Thursday, June 30, 2011

Tennis and Teen Girls

Double Fault: A NovelIn honor of Wimbledon or something, I finally brought Double Fault by Lionel Shriver out of the 'to be read' column of my spreadsheet. Maybe my long delay was prescient: I have been so captivated by everything else I've read by Shriver, but I just couldn't get into this one. Maybe both main characters were too flawed from start to finish, maybe there was an overabundance of telling not showing, but I felt divorced from their characters. (That tips at a pun, but not really, so don't worry about it.) Although, I do know a heck of a lot more about the game of tennis than I did before, which is something.

The Annotated Lolita (Penguin Modern Classics)Also tennis-adjacent, though far more tangentially: Vladimir Nabokov's Lolita. In some ways, it was far creepier than when I read it in college (H.H. is so cavalier about his pedophilia! Plus I have kids now.) It was still very entertaining - and made me jones for a road trip in a way that doesn't feel entirely wholesome. Just for the succession of funny little landmarks and the changing landscape and so forth, not for the evading the law part of things. Of course. I mean, you knew that already, right? Anyway.... Nabokov is a giddy-making stylist, and I also must give many many props to Jeremy Irons's narration of the audiobook, which was delicious. I read a pile of Nabokov sometime around my senior year of college, and I'm glad to know it wasn't just my pretentious "intelligentsia" phase that made me appreciate him.

SpoiledFor teen girls with an entirely different sense of self, I grinned through Spoiled by Heather Cocks and Jessica Morgan. You might know the authors from their fashion-skewering site, Go Fug Yourself, or maybe you knew one of them when she was a little child, like I did. (Oddly, though her big sister made my life worth living in my melodramatic late-elementary years, and I can still map out where her mom kept all the best snacks, we're not all BFFs and stuff. So it's more 'hey, that's... a thing' than 'hey, what an awesome claim to fame.') I was fans of their writing way before I figured out the connection - from recaps at TWOP, then their site - and was tickled to see they'd written a YA novel. It's set in fashionable, shallow Hollywood, where the insecure daughter of a Major Motion Star hunk-type is not happy to find out she has a practically farm-raised Midwestern half-sister of the same age. Or that Sis is loading up her stuff and moving to Beverley... Hills, that is. Swimming pools. Movie stars. Scary fashion-consciousness, and backstabbing, paparazzi, and of course teen angst, and daddy issues, and heartwarming growth with a cliffhanger epilogue that sets up an exciting Book Two premise. I told the soldier next to me on the plane home that it was bubblegummy, and a fun way to relax after the hectic pace of my two weeks of vacation in Ireland and England. And then he told me about having 12 days leave to see his friends and family after not being Stateside for five years. And then I let him have my packet of fancy crackers, because unlike Brick's daughter Brooke in the novel, I am not spoiled.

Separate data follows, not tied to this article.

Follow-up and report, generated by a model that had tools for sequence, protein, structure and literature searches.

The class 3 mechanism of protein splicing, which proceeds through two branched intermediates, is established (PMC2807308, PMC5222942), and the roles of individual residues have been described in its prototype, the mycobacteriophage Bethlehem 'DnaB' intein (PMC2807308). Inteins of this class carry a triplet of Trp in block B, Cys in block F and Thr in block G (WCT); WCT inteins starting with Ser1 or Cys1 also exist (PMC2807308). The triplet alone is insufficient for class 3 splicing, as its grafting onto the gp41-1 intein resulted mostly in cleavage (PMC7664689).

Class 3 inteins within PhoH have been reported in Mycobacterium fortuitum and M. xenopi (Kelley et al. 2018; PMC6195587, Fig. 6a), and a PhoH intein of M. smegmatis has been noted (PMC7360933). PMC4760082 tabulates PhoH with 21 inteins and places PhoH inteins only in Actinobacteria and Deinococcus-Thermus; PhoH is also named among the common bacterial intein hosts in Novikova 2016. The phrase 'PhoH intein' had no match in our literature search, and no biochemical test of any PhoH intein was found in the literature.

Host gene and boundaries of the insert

1 comment:

  1. I reckon your pretentious "intelligentsia" phase coincided with meeting an intellectually pretentious Irish boy ;-)